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Oren Eini

Code review challenge – The concurrent dictionary refactoring – answer

Here is the full method that we refactored:

 public void ReturnMemory(byte* pointer)
 {
     var memoryDataForPointer = GetMemoryDataForPointer(pointer);

     _freeSegments.AddOrUpdate(memoryDataForPointer.SizeInBytes, x =>
     {
         var newQueue = new ConcurrentStack<AllocatedMemoryData>();
         newQueue.Push(memoryDataForPointer);
         return newQueue;
     }, (x, queue) =>
     {
         queue.Push(memoryDataForPointer);
         return queue;
     });
 }

And here is the allocation map for this method:

public unsafe void ReturnMemory(byte* pointer)
{
    <>c__DisplayClass9_0 CS$<>8__locals0 = new <>c__DisplayClass9_0();
    CS$<>8__locals0.memoryDataForPointer = this.GetMemoryDataForPointer(pointer);
    this._freeSegments.AddOrUpdate(CS$<>8__locals0.memoryDataForPointer.SizeInBytes, 
          new Func<int, ConcurrentStack<AllocatedMemoryData>>(CS$<>8__locals0.<ReturnMemory>b__0),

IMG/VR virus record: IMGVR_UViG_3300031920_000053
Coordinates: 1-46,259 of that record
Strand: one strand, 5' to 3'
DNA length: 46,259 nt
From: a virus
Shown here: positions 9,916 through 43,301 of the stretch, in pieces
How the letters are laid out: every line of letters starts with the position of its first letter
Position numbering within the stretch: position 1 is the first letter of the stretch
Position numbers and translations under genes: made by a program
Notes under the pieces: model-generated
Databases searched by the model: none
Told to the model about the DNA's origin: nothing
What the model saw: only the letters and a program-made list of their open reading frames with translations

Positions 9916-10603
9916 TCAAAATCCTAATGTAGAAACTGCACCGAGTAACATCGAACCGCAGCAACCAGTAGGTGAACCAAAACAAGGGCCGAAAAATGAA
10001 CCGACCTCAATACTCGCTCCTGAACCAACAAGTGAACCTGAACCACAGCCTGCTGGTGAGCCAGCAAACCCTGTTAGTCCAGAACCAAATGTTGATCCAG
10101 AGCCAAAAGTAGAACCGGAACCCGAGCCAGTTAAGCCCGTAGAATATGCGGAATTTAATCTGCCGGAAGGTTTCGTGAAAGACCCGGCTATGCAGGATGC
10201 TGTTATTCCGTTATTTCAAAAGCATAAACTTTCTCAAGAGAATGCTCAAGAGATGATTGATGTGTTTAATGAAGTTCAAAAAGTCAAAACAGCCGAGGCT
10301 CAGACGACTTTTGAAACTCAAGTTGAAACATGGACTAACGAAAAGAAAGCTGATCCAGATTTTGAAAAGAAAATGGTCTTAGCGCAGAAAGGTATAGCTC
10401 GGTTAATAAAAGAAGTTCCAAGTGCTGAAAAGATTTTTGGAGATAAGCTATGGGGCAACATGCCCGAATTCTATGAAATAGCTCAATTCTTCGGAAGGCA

new Func<int, ConcurrentStack<AllocatedMemoryData>, ConcurrentStack<AllocatedMemoryData>>(CS$<>8__locals0.<ReturnMemory>b__1));
}

As you can see, we are actually allocating three objects here. One is the captured variables class generated by the compiler (<>c__DisplayClass9_0) and two delegate instances. We do this regardless of if we need to add or update.

The refactored code looks like this:

 public void ReturnMemory(byte* pointer)
 {
     var memoryDataForPointer = GetMemoryDataForPointer(pointer);

     var q = _freeSegments.GetOrAdd(memoryDataForPointer.SizeInBytes, size => new ConcurrentStack<AllocatedMemoryData>());
     q.Push(memoryDataForPointer);

 }

And what actually gets called is:

public unsafe void ReturnMemory(byte* pointer)
{
    Interlocked.Increment(ref this._returnMemoryCalls);
    AllocatedMemoryData memoryDataForPointer = this.GetMemoryDataForPointer(pointer);
    if(<<c.<<9__9_0 == null)
    {
        <<c.<<9__9_0 = new Func<int, ConcurrentStack<AllocatedMemoryData<<(this.<ReturnMemory<b__9_0);
    }
    this._freeSegments.GetOrAdd(memoryDataForPointer.SizeInBytes, <<c.<<9__9_0).Push(memoryDataForPointer);
}

The field (<>c.<>9__9_0) is actually a static field, so it is only allocated once. Now we have a zero allocation method.

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